The 3 C’s to success: Choice, Control & Competition
We did a lot of testing at multiple schools with children of different ages. We discovered that to create an attractive game for a school playground; you first must add choice and control options, so the children can decide what they want to play and at what difficulty level. The Math game is built on top of a compelling framework, in which children can select what type of math topic they want to play. With the first release of the Math game, they can choose addition, multiplication, division, or subtraction. The selection of a difficulty level appears to be essential for children to enjoy the game. The levels are not connected to grades or age because children’s skill level varies, and you don’t want to rule out any player. Children seem to start on the first level when given the choice of “challenging” sums, which is tremendous!
We added competition and more specific team-based competition to give the children even more reasons to return for more. The players can set a score and enter their initials. These initials are saved on the Memo, and other groups can try to beat the score. With every level and topic having their own top 5, there is something to beat every time you play. With this knowledge, we released the Math game on 2 primary schools without promoting it; Rio del Sol STEAM school in Oxnard, United States, and de Meiboom Daltonschool in Nijmegen, the Netherlands, to see what would happen.
School breaks are now 25% playful math games!
After two months of testing, we can now say that fun playground maths games can boost playful math activities during school breaks. In the first month, we collected the play statistics on the Memo without the new Math game, and after this, we collected another month of play statistics with the addition of the new game. When placed in school playgrounds, our interactives are often played 100% of the time during breaks, which results in roughly 1-2 hours of play every day. The set of current games focus heavily on active play. One of our first attempts at simple playground math games called Matty always tested as one of the least played games. But with the new math playground game, an extra dimension of learning is added. Practicing a skill on your own level will show increased popularity as a result.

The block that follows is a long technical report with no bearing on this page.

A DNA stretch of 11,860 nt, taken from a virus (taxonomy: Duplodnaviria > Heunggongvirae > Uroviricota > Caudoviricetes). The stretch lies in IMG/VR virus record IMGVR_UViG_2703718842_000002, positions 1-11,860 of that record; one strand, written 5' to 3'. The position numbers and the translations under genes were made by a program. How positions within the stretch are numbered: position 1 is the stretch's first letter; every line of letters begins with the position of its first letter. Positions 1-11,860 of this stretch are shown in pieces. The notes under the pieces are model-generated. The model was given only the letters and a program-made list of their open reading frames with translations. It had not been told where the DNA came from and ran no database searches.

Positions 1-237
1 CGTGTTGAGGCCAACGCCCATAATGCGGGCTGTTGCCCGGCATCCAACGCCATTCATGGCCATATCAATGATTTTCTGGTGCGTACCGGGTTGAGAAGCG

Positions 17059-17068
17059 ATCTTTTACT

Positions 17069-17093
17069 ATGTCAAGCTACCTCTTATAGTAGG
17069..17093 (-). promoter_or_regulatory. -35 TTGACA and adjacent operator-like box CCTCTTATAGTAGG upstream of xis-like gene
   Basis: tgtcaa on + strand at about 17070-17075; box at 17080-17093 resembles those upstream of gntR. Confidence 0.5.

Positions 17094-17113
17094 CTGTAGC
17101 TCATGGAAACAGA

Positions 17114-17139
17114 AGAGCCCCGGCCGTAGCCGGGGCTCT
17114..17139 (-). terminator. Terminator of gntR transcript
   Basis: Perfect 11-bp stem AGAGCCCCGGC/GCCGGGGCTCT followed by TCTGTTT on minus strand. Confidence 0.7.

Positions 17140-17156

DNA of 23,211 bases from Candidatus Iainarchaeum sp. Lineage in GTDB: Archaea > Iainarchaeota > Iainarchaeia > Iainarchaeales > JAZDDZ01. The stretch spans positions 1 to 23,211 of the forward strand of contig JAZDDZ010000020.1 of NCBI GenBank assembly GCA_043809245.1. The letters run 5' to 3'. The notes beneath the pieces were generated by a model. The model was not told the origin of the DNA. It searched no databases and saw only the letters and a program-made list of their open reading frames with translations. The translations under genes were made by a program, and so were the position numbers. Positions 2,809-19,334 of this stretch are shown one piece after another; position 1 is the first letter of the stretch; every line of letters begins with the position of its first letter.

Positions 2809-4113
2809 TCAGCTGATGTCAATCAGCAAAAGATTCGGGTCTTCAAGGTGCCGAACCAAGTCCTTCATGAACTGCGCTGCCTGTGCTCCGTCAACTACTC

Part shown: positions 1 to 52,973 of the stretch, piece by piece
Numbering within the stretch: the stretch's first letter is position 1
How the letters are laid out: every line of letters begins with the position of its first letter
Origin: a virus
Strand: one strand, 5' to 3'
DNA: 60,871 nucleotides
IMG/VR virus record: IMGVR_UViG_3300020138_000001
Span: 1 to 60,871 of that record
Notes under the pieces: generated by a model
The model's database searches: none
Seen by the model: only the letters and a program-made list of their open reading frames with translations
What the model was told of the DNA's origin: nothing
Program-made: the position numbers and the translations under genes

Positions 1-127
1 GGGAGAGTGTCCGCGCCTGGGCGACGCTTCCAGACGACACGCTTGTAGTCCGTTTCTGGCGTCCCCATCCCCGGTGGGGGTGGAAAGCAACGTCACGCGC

Within a month, we’ve seen growth to a two-fold number of Math play hours at the Meiboom and a quadruple number of hours of Math play at the Rio del Sol school. This means hours of extra math playground activities every week without any effort or involvement of the teachers. The Math game has become the second most popular game on the interactives, beating the top games that have been popular for years on the Memo.
Listening to the teachers and students, they all love the new game and see the potential. Even including the game into Math class is now something schools want to do, boosting playful learning even more.
“Ahh, do we really have to go back inside for Math class…”
The future of educational content on the playground is here.
The Math game is the first step of our mission to boost playful learning on the playground. We’ve now only covered the basics of Math and are continuously working on developing more packs. We collaborate with experts, performing many (international) user tests to expand the math playground game with topics such as percentages, fractions, measurements, units, and money related sums.
Keep an eye on the Yalp Store to see all the new exciting content for our interactives. The foundation of flexibility and giving the user power on what they want to practice is highly successful and will be used in the next big challenge and topic at schools: Language!
“This game is a real addition to our Math classes. All teachers agree that the new game is great for Math class!”
Math playground games
We’ve now added a massive collection of maths playground logic games to the Yalp store. Anything from percentages, units and even Roman Numerals can now be enjoyed on the Memo—the perfect set for schools to extend the classroom to the playground. Or even better, include the Memo in the math lessons and have the players practice and automate the techniques they just learned from the Math teacher.
Do you want insight into a personal solution?
Would you like further advice on how an interactive device could be the solution for you? We would be happy to brainstorm with you and find the best solution for your needs!